Lilly Endowment’s nonprofit renewal program highlights benefits of rest
(As nonprofits seek ways to encourage employee retention, enhance recruitment and minimize burn out, Not-for-profit News explores the benefits of Lilly Endowment’s renewal grant programs in this second part of a two-part series. Read Part 1)[Headline] Part 2: Is it time to take a break? [Subhead} Lilly Endowment’s nonprofit renewal program highlights benefits of rest [Byline] by Shari Finnell, editor/writer, Not-for-profit News
(As nonprofits seek ways to encourage employee retention, enhance recruitment and minimize burn out, Not-for-profit News explores the benefits of Lilly Endowment’s renewal grant programs in this second part of a two-part series. Read Part 1 https://charitableadvisors.com/is-it-time-to-take-a-break/)
What would you do with $10,000? How would you rekindle your passion?
Those are the types of questions posed by the Indy Arts Council to applicants of its Creative Renewal Arts Fellowship Program, an initiative funded by Lilly Endowment, Inc., to ensure that artists and art administrators have an opportunity to replenish and reignite their creativity.
For one applicant, the answer to that question resulted in her traveling to Nigeria, recalled Nikki Kirk, director of community investment for the Indy Arts Council.
“As a dance teacher, she had been teaching various African dances but had never been to Africa,” said Kirk, who oversees the arts fellowship program. “While in Africa, she took three classes a day, learning from the folks who are from the region where it started. It re-energized her teaching by allowing her to really get to the heart of what the dance form is all about.”
Jean Luc Howell, director of historic preservation at Newfields, used part of his renewal grant funds to travel with his girlfriend during an extended road trip. Along the way, they visited historic destinations, including the Biltmore Estate in Asheville, N.C., the Winterthur Museum in Winterthur, Del., and Stan Hywet Hall and Gardens in Akron, Ohio. In addition to exploring the historical sites, Howell made wax rubbings of historical manhole covers he came across.
The award came at a time when nonprofit organizations are under intense pressure to come up with new ways to attract visitors, Howell said.
“Having a break was phenomenal, especially now,” said Howell, noting that many organizations operate on a year-round schedule to remain competitive. “We don’t have quiet times like we may have had in previous years, where you can take a breath, clean your office and catch up on other things.”
“With our current seasonal programming, the schedule can feel unrelenting. You must put something out that’s the best or the newest to get people’s attention,” he said. “You’re competing against people going to the movies or even staying home to stream movies. And there’s pressure to raise money as a nonprofit through income-generating programs. You can lose the passion for why you wanted to work in a museum or a nonprofit in the first place.”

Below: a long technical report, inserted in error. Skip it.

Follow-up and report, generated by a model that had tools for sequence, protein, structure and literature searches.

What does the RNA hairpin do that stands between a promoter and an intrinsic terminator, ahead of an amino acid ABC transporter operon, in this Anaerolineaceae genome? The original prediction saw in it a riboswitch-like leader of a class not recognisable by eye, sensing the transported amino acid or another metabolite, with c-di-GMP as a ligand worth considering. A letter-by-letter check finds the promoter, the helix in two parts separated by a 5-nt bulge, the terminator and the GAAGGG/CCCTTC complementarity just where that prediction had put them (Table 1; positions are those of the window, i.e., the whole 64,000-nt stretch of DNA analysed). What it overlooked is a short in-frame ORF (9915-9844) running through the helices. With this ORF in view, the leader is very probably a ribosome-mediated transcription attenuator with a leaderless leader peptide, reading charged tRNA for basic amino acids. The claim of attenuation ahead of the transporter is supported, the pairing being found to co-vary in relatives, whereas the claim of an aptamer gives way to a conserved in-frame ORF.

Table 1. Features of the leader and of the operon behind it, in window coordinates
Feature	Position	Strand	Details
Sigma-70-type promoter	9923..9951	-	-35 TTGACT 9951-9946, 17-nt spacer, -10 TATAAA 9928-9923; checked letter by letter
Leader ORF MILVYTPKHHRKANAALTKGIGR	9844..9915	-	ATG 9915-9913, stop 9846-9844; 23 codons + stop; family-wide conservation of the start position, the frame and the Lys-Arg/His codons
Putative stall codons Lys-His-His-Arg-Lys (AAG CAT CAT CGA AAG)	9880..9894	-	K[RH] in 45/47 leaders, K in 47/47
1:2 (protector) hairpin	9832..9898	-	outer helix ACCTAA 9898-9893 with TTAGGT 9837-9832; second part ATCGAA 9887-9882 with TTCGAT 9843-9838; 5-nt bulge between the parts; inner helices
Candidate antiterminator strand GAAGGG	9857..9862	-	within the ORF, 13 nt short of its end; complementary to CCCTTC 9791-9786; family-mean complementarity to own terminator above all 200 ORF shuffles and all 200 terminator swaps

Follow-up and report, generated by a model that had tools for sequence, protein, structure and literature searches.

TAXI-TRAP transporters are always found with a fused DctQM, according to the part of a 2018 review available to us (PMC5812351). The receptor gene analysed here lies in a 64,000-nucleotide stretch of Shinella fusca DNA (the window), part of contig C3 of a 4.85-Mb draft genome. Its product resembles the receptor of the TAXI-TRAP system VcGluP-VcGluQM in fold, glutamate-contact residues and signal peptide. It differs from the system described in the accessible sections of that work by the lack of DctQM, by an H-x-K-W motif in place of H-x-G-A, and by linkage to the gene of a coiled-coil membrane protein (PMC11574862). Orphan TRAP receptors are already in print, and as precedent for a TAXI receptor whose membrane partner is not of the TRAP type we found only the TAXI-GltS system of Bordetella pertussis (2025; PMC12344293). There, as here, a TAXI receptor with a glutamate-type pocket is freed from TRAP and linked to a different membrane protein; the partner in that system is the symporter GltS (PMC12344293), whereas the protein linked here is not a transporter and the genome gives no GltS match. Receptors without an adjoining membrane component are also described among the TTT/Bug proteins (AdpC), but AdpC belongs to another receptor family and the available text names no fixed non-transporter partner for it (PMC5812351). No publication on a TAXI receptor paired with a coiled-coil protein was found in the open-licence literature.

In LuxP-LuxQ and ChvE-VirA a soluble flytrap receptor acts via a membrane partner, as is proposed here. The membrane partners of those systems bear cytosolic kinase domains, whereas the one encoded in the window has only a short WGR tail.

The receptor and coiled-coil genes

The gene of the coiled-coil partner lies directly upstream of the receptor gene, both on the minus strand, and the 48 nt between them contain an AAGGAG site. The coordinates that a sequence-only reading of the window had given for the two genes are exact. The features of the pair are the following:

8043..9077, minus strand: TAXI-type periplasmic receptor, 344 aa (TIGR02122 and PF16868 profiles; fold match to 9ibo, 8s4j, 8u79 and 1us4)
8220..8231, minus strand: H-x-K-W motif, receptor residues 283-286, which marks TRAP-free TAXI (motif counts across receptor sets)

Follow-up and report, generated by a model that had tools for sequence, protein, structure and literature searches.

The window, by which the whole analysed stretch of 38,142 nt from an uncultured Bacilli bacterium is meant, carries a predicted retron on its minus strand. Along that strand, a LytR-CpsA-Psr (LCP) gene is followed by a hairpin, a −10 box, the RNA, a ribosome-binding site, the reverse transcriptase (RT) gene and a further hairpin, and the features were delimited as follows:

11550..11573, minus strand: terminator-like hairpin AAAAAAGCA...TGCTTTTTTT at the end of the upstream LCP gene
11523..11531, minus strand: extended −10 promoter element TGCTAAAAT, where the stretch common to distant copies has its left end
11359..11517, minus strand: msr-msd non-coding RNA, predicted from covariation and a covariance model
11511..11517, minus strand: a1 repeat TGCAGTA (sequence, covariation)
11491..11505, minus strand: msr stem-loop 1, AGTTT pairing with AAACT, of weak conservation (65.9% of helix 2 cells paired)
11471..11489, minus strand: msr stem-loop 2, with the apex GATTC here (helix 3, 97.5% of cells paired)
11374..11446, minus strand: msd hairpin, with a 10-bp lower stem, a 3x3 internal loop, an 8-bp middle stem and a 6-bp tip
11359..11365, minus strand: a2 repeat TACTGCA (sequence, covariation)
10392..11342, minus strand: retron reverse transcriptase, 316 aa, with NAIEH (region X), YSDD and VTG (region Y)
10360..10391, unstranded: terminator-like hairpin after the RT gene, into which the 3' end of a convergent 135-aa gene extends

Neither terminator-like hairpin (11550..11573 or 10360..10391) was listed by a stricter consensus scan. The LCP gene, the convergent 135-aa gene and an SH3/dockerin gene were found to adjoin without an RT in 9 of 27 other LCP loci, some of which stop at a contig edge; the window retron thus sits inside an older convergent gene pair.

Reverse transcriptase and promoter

Giving nonprofit employees an opportunity to step back, whether through the renewal grant programs, paid time off or other benefits, has become increasingly important in today’s climate, Howell added.
“There’s so much more pressure,” he said. “Things like this are going to be more important as we move through issues of DEI and other heavy things we’re dealing with at work. You need an extra break from trying to navigate all of that as well.”
Exploring goals through the process
With up to 200 applicants vying for 40 grants through the renewal program, only a fraction of them will be able to take advantage of a renewal, Kirk pointed out. However, she said, the grant application process itself can be therapeutic.
“Some of the individuals that I’ve spoken to have said that even writing the grant application has been renewing for them because it’s about answering questions like, ‘What do you want to do?’ ‘Why do you want to do it?’ ‘How is this going to impact you?’ ‘What’s inspiring to you?’,” Kirk said.
“For the folks who do receive the grant, it’s really impactful and powerful, eEpecially during these times of COVID and excessive burnout,” Kirk added. “But beyond that, for the folks who aren’t selected in this round they get some form of renewal by writing down what they want to do. That type of creative writing style has an impact.”
Lilly Endowment has numerous renewal programs that are designed to help rejuvenate professionals in various sectors, including teachers, pastors, youth workers and human service workers. The program for artists and art administrators was implemented in the late 1990s.
“People experiencing burnout don’t necessarily turn out the most creative work because their minds are in so many different places,” Kirk said. “Being able to take that time for yourself helps you invest further and more heavily in the work as you come back into the space.”